In response to Syria's Internet shutdown, Twitter users around the world have been posting dial-up numbers so that people trapped in cyber lockdown will be able to connect to the Web, tech website the Next Web reports.
According to the Associated Press, the Syrian government blocked Internet access across the country on Thursday as rebels and government troops engaged in what has been described as a "fierce battle" near the Damascus airport. Cellphone service has also been cut in "select areas" and land telephone lines are said to be "working only sporadically," Reuters reports.
This disruption in communications is the worst Syria has seen since the civil uprising began 20 months ago, according to Reuters.
The news agency continues:
The past two weeks have seen rebels overrunning army bases across Syria, exposing [President Bashar al-Assad’s] loss of control in northern and eastern regions despite the devastating air power that he has used to bombard opposition strongholds.
Rebels and activists said the fighting along the road to Damascus airport, southeast of the capital, was heavier in that area than at any other time in the conflict.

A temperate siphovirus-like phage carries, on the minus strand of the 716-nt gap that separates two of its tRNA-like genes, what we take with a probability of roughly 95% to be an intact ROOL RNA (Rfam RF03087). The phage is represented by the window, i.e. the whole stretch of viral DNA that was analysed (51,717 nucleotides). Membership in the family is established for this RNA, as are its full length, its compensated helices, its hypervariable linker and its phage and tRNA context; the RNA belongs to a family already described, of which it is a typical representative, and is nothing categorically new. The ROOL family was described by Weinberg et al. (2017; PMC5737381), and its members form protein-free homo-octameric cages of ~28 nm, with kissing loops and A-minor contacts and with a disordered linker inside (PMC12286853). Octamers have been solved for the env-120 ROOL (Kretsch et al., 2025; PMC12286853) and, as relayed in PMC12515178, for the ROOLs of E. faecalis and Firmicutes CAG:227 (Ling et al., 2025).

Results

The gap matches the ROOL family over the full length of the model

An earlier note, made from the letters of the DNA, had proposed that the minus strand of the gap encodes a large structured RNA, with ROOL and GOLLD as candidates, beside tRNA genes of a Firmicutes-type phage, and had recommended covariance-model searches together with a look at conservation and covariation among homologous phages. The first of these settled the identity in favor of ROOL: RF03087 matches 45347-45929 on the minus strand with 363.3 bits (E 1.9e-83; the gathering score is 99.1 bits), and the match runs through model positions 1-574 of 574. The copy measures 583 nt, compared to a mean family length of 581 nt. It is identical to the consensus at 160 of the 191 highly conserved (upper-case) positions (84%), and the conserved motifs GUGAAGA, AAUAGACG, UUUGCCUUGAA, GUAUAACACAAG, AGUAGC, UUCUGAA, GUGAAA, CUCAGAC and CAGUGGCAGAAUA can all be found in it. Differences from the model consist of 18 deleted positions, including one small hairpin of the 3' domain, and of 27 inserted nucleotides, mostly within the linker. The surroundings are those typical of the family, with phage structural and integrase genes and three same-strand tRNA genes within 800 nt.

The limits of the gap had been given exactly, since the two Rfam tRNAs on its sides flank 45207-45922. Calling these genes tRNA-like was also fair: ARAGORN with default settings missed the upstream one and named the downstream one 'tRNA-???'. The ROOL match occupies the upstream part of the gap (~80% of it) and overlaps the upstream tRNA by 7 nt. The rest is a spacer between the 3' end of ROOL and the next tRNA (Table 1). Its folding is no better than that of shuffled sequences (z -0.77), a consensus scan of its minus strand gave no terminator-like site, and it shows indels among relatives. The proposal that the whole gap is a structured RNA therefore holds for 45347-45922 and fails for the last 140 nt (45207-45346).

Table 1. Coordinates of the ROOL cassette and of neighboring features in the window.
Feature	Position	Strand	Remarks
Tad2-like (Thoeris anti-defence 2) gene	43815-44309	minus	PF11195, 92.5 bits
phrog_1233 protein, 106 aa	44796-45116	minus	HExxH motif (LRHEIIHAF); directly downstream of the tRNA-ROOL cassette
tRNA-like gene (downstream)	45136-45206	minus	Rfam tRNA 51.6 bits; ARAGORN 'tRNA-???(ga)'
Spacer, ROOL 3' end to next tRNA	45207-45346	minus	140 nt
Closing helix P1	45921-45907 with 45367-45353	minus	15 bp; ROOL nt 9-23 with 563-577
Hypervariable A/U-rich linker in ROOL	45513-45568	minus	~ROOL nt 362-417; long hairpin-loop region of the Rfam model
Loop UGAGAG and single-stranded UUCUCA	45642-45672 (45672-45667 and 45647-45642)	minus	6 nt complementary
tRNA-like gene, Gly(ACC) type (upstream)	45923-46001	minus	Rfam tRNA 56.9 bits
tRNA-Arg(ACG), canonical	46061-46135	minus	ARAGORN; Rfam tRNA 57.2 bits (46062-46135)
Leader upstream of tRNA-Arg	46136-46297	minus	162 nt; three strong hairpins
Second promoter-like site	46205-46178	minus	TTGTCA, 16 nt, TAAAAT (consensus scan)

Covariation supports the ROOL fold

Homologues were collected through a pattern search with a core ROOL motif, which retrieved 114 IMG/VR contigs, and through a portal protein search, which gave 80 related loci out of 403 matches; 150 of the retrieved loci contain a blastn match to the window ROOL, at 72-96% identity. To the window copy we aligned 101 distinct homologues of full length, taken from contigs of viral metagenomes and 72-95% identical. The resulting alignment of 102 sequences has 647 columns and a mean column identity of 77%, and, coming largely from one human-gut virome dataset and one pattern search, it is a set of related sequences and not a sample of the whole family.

As Next Web notes, it's yet unclear as to whether the Internet blackout and breakdown in telephone communication is directly connected to the ongoing civil war; nonetheless, at the time of publication, most of Syria remains without online access.
In a blog post, research firm Renesys reports that problems with Syria's Internet connectivity began at 10:26 UTC (12:26 p.m. in Damascus).
“All 84 of Syria's IP address blocks have become unreachable, effectively removing the country from the internet,” the blog states.
Internet content delivery network Akamai has corroborated Renesys' report of a total Internet blackout in Syria. On Thursday morning, the company tweeted the following: "Akamai traffic to Syria has dropped to zero as well."
Akamai followed that tweet with a chart visualizing the dramatic drop-off in Internet traffic:
In response to the blackout, Twitter users have been stepping forward with dial-up numbers to help Syrians get online:
But, as one Twitter user warns, this may not be totally secure:
Unfortunately, if Syria's phone lines get cut completely, these dial-up options will also become unavailable.